Disrupted by SOA

In his links post, James McGovern had some comments on my Long Tail of Applications post. He stated:

Todd Biske wants to eliminate the term “application” as it implies a monolith. I would like to point out to Todd that there is another usage of the word that still remains important which primarily indicates a funding model. It is possible and viable to build a great SOA while still letting the finance folks think in terms of applications. Removing the term from architects is a great thing but very disruptive for other parts of the enterprise.

I’m glad James brought up the whole funding model aspect of it. As he rightly calls out, the removal of the term “application” is probably not terribly disruptive for architects, it’s very disruptive for the rest of the organization. How many IT departments have organizations with application development in the title? How many project charters contain the words “…deliver an application…” in their text? If you agree with the premise that, in general, IT is not delivering at the level it could be, then something needs to change. We need a disruption. If that disruption ripples all the way up to the way projects are defined and funded, then so be it. This type of change doesn’t happen overnight, and is not going to be without many bumps in the road.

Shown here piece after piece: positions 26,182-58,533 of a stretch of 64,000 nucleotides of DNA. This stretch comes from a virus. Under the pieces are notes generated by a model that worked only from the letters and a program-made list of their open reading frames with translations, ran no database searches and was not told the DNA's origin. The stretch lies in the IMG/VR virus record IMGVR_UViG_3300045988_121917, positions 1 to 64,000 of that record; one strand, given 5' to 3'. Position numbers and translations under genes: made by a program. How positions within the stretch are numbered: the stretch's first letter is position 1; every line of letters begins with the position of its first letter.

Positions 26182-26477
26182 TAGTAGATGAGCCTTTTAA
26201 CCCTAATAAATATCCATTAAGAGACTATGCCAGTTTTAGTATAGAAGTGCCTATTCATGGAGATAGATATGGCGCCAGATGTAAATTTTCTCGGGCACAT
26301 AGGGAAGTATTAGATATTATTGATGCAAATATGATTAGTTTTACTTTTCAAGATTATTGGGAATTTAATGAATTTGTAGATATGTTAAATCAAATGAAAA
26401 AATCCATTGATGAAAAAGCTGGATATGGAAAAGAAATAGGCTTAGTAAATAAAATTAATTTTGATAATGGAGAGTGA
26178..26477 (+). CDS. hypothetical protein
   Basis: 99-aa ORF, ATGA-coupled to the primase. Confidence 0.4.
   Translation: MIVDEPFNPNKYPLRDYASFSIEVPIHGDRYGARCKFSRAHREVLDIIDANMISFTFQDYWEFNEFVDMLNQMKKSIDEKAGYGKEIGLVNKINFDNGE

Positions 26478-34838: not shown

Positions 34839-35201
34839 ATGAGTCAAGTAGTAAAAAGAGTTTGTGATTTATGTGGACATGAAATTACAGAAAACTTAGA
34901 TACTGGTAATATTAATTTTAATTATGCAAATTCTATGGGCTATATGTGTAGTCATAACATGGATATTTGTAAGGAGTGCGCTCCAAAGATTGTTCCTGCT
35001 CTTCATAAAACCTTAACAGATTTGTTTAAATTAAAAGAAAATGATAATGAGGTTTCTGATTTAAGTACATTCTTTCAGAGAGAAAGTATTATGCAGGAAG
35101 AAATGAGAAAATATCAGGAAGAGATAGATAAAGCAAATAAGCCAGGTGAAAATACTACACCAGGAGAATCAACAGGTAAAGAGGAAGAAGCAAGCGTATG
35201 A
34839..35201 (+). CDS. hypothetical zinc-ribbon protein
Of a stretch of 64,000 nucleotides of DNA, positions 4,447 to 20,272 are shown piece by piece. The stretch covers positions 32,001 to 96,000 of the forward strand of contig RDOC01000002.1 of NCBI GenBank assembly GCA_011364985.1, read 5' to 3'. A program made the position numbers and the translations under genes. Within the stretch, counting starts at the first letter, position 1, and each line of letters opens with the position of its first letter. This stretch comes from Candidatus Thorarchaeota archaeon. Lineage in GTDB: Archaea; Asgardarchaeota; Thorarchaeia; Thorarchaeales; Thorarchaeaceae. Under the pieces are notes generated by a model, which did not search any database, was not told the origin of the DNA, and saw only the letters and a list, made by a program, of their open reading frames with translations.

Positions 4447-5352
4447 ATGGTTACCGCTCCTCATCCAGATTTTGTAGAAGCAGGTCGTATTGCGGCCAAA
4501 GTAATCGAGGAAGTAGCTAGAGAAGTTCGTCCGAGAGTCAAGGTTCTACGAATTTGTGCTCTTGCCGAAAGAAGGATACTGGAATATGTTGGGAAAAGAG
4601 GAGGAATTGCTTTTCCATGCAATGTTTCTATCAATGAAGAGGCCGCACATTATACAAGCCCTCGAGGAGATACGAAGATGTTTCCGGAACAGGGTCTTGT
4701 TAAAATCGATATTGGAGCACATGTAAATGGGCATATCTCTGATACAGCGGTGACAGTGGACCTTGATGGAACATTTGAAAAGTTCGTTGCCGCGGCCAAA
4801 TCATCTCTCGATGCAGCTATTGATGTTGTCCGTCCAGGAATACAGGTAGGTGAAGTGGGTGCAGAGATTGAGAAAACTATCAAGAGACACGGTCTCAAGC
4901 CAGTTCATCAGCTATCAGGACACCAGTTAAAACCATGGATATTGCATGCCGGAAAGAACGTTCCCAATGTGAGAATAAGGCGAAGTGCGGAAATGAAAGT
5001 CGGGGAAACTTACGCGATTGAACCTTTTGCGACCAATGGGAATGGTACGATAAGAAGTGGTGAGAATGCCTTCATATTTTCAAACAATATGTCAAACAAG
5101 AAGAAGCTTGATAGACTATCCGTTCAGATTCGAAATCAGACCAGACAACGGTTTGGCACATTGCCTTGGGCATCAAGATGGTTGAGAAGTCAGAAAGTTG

Does everyone need this type of disruption? Perhaps not, but I think that it’s a very difficult thing to determine. If you’ve read The Innovator’s Dilemma or The Innovator’s Solution, you know what I’m talking about. While I can envision what an organization that has truly embraced SOA and BPM technologies might look like, it’s far more challenging to determine what the path to that state is, which can also leave you wondering whether it’s even necessary. Ultimately, it only becomes necessary when some unknown competitor embraces it and starts beating the pants off of you. Finding that first example that justifies trying a new way of doing things is hard enough, finding the second and the third to justifying sustaining it is even tougher. I’m up for the challenge, though!

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